Mindful of your pastoral duty and moved by your love of neighbor, you wrote to me last year concerning the frequent practice among your people of a private, individual contest called dueling. You indicate, not without grief, that even Catholics customarily engage in this type of combat. At the same time your request that We, too, attempt to dissuade men from this manner of error. It is indeed a deadly error and not restricted to your country, but has spread so far that practically no people can be found free from the contagion of the evil. Hence, We praise your zeal. It is clearly known what Christian philosophy, certainly in agreement with natural reason, prescribes in this matter; nevertheless, because the vicious custom of dueling is being encouraged with greatest forgetfulness of Christian precepts, it will be expedient to briefly review these rules.
(Emphasis supplied.) Thus, the answers to the question of dueling were already evident in Christian doctrine. Leo simply summarizes them in response to the bishops’ request for guidance. Leo goes to say, and this is the interesting part:
Clearly, divine law, both that which is known by the light of reason and that which is revealed in Sacred Scripture, strictly forbids anyone, outside of public cause, to kill or wound a man unless compelled to do so in self defense. Those, moreover, who provoke a private combat or accept one when challenged, deliberately and unnecessarily intend to take a life or at least wound an adversary. Furthermore, divine law prohibits anyone from risking his life rashly, exposing himself to grave and evident danger when not constrained by duty or generous charity. In the very nature of the duel, there is plainly blind temerity and contempt for life. There can be, therefore, no obscurity or doubt in anyone’s mind that those who engage in battle privately and singly take upon themselves a double guilt, that of another’s destruction and the deliberate risk of their own lives. Finally, there is hardly any pestilence more deadly to the discipline of civil society and perversive to the just order of the state than that license be given to citizens to defend their own rights privately and singly and avenge their honor which they believe has been violated.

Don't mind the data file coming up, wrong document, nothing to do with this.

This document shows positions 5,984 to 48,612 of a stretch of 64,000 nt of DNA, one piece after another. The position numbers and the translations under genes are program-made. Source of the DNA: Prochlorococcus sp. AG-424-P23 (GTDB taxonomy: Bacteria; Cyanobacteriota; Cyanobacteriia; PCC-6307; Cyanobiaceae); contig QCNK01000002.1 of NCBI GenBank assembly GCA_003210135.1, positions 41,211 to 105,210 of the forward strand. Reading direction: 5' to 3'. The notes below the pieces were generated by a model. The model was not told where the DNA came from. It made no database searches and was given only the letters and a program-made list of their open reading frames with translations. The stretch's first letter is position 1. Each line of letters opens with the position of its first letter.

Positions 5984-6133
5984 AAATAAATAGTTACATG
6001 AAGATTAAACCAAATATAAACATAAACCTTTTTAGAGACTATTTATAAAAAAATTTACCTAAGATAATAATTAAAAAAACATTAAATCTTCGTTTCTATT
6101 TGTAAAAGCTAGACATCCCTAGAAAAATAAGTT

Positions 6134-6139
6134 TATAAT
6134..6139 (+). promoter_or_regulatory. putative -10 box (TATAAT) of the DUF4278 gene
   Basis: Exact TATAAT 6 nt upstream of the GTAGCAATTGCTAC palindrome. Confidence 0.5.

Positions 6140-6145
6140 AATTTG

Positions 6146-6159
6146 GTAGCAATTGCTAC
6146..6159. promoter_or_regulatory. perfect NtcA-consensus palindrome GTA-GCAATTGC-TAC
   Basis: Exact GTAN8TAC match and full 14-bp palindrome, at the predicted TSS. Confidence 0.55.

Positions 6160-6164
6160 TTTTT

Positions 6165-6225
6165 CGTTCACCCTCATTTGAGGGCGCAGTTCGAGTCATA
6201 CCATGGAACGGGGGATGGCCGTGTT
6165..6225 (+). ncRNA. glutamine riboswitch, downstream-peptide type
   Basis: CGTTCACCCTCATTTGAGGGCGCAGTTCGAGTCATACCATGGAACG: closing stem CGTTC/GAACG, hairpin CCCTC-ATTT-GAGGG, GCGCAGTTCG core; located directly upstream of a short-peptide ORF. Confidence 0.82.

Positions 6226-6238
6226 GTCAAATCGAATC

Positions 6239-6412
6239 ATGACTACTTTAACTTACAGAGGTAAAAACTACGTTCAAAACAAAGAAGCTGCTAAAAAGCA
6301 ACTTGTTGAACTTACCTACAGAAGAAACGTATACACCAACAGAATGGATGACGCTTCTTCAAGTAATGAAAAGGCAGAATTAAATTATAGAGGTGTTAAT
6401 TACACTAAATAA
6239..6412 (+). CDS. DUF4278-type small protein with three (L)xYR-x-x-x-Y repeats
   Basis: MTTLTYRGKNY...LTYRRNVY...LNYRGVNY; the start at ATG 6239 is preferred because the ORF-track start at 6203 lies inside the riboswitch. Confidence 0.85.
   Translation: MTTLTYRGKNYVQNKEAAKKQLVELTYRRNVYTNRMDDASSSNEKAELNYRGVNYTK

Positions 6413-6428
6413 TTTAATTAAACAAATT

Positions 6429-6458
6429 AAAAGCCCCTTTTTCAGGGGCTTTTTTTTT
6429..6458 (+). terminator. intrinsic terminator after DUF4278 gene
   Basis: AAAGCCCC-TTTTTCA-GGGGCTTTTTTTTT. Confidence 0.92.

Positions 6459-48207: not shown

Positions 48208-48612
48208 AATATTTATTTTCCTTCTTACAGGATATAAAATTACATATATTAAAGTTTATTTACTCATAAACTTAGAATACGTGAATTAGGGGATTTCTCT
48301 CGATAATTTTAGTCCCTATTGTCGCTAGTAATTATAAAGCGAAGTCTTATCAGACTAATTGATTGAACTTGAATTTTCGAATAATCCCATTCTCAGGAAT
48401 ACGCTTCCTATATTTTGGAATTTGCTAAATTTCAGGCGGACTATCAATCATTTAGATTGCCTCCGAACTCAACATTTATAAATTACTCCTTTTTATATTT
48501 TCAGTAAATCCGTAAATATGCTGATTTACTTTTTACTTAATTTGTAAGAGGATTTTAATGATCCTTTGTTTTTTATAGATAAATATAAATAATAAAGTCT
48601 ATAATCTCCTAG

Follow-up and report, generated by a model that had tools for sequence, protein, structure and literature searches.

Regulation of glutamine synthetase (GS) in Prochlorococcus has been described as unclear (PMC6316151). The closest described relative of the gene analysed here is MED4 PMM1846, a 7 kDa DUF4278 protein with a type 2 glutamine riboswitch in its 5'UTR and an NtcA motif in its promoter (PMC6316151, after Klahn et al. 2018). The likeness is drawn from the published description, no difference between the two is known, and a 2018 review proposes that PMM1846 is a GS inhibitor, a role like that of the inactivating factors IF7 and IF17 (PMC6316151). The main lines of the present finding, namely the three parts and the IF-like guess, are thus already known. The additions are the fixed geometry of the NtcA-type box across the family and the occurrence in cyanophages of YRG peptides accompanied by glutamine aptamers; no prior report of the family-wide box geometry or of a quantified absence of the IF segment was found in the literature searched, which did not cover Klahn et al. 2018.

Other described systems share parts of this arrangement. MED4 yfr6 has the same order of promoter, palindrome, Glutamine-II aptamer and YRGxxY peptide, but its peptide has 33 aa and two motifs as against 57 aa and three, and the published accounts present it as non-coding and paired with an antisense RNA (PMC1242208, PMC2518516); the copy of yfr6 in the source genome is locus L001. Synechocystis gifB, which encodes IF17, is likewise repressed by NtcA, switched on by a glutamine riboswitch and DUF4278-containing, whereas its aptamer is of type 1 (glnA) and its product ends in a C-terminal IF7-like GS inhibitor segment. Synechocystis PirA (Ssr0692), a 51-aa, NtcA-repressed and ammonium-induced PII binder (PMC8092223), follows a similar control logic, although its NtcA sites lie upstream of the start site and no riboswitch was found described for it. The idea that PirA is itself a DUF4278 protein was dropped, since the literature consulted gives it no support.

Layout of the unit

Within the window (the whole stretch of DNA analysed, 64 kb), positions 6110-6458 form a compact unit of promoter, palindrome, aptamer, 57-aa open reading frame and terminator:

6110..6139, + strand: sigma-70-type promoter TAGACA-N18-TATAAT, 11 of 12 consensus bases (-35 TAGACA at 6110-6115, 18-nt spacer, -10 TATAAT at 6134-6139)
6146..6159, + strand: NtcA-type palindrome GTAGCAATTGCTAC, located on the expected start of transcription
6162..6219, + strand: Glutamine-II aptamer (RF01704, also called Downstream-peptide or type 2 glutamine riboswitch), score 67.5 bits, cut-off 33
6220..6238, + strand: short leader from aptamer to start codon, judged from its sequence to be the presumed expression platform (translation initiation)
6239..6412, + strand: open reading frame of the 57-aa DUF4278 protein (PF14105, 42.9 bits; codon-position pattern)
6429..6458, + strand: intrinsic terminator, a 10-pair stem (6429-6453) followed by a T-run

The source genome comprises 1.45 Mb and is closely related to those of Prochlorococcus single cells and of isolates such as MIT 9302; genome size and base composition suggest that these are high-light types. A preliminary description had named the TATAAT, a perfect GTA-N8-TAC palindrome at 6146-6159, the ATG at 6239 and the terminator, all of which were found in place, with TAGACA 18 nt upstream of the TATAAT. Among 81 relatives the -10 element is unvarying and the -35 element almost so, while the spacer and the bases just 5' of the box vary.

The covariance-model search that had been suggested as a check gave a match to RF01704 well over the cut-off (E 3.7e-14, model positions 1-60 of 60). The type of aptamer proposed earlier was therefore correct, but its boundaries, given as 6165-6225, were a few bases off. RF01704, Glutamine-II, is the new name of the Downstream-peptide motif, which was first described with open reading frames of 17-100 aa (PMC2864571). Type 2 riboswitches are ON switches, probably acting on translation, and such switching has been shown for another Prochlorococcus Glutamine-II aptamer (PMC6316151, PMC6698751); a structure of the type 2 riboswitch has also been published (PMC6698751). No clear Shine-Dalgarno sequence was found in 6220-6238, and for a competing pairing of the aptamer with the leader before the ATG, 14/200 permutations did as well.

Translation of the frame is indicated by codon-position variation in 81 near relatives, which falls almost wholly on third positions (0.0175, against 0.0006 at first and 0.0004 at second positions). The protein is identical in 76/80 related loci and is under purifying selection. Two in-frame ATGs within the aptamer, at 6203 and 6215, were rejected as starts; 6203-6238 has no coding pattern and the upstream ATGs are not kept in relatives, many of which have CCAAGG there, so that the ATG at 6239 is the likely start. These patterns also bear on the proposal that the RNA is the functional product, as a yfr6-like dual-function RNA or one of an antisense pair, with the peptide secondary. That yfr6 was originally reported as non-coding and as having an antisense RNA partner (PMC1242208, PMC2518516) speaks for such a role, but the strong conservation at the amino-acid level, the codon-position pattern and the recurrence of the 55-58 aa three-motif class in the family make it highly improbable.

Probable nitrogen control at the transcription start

(Emphasis supplied.) There are two principles here that ought to be unpacked before moving on to some other sources.
One, the divine law—and the natural law, which is simply our participation in the divine law—forbids killing or wounding a man except in self defense. The Fifth Commandment tells us as much. Remember, too, what Aquinas taught us: a man, including his body, belongs to the community; therefore, injuring a man injures the community (ST IIa IIae q.65 a.1 co. & ad 2). The community’s sanction is needed to injure a man (id.) This goes for blows, too (ST IIa IIae q.66 a.1 co.).
Aquinas’s teaching is not squarely on point here, since Aquinas was talking about injury as chastisement or retaliation. However, the principle seems to hold even in the sporting context: a man is part of the community, to injure a man injures the community. Now, the injuries in this case can be fairly remote. Certain brain injuries, as we understand it, can take years to manifest themselves; nevertheless, if it becomes certain that certain sports result in these injuries, then it seems to us, for the purposes of moral reasoning, the sports activities are the proximate cause of the injuries, even if temporally remote. Remember the lesson of the Second Way: real causality is not “this happened, then this happened, then this happened,” and so forth (ST Ia q.2 a.3 co.). Thus, Leo’s teaching, if taken back to its source, seems to apply equally to football as dueling.